Brexit: The Day the Improbable Happened

Picture taken the morning after the referendum of an interview of MEP Daniel Hannan, who in helping to lead the Leave campaign, just voted himself out of a job in the European Parliament. You’re looking a turkey who voted for Christmas. We could use a few more politicians like him.

In 2014 I was in Glasgow for the Scottish referendum. I had spent the day before the referendum out and about in Glasgow and the “Yes” for independence vote was out in force, and as such I got a very different impression about which way the vote might go based solely on what I saw “on the ground.” The same thing happened last night. As I observed Londoners yesterday 8 out of every 10 stickers I saw people wearing were “In,” and I told more than one friend before I went to bed that I thought the Remain camp had just edged it, 52–48. It turns out I was right about the margin, but wrong about the winner. It’s the morning of a shocking result for everyone, even those unabashedly “Leave” like myself. Many of us have never had a political result go “their way” in our lifetimes.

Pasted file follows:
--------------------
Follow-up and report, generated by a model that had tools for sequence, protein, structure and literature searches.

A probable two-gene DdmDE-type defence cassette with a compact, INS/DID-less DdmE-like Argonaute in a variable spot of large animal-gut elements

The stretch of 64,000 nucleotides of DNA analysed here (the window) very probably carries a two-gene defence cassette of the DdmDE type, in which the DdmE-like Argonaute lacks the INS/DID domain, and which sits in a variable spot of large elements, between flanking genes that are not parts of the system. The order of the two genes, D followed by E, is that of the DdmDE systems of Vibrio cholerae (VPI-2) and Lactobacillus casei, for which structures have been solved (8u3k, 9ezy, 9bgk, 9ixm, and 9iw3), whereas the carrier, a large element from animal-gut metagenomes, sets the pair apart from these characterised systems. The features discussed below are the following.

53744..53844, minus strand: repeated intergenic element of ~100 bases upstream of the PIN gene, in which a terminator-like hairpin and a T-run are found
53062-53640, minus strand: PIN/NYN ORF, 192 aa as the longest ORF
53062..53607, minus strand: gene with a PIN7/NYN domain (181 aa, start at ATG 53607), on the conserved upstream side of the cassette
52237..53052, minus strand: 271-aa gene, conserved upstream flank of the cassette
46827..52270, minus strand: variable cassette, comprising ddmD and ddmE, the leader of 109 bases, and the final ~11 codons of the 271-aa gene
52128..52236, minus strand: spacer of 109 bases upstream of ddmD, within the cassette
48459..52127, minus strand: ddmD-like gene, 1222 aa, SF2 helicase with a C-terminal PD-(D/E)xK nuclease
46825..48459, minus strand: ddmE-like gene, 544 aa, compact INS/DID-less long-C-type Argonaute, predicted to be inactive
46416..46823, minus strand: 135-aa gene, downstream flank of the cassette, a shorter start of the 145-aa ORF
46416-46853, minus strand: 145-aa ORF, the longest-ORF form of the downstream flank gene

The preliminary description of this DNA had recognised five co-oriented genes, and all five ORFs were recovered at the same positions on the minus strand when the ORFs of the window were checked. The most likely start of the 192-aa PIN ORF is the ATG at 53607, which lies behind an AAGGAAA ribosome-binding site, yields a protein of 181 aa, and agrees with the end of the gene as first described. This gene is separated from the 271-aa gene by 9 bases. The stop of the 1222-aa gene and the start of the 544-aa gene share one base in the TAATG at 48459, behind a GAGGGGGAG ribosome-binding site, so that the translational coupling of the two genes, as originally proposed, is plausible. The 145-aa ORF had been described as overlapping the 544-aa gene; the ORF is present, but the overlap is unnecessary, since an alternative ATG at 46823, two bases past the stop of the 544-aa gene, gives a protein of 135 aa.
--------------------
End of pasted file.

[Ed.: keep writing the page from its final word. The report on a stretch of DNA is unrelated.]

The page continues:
During the campaign those of us who wanted to Leave were told we were racists, isolationists, and economic naïfs. If only we were smart enough to trust the so-called experts (who had warned what would happen to the UK economy if it didn’t join the euro). I had already lost interest in answering these accusations and in a way, I had already moved on. Whatever way the vote went, I was happy that the arguments had been made, for both sides, and I was wearied by the long campaign. Frankly, I wasn’t prepared for Leave to win, and perhaps neither were the official Leave campaign. Boris Johnson was said to have told someone going home on the Tube last night that he thought Leave had lost.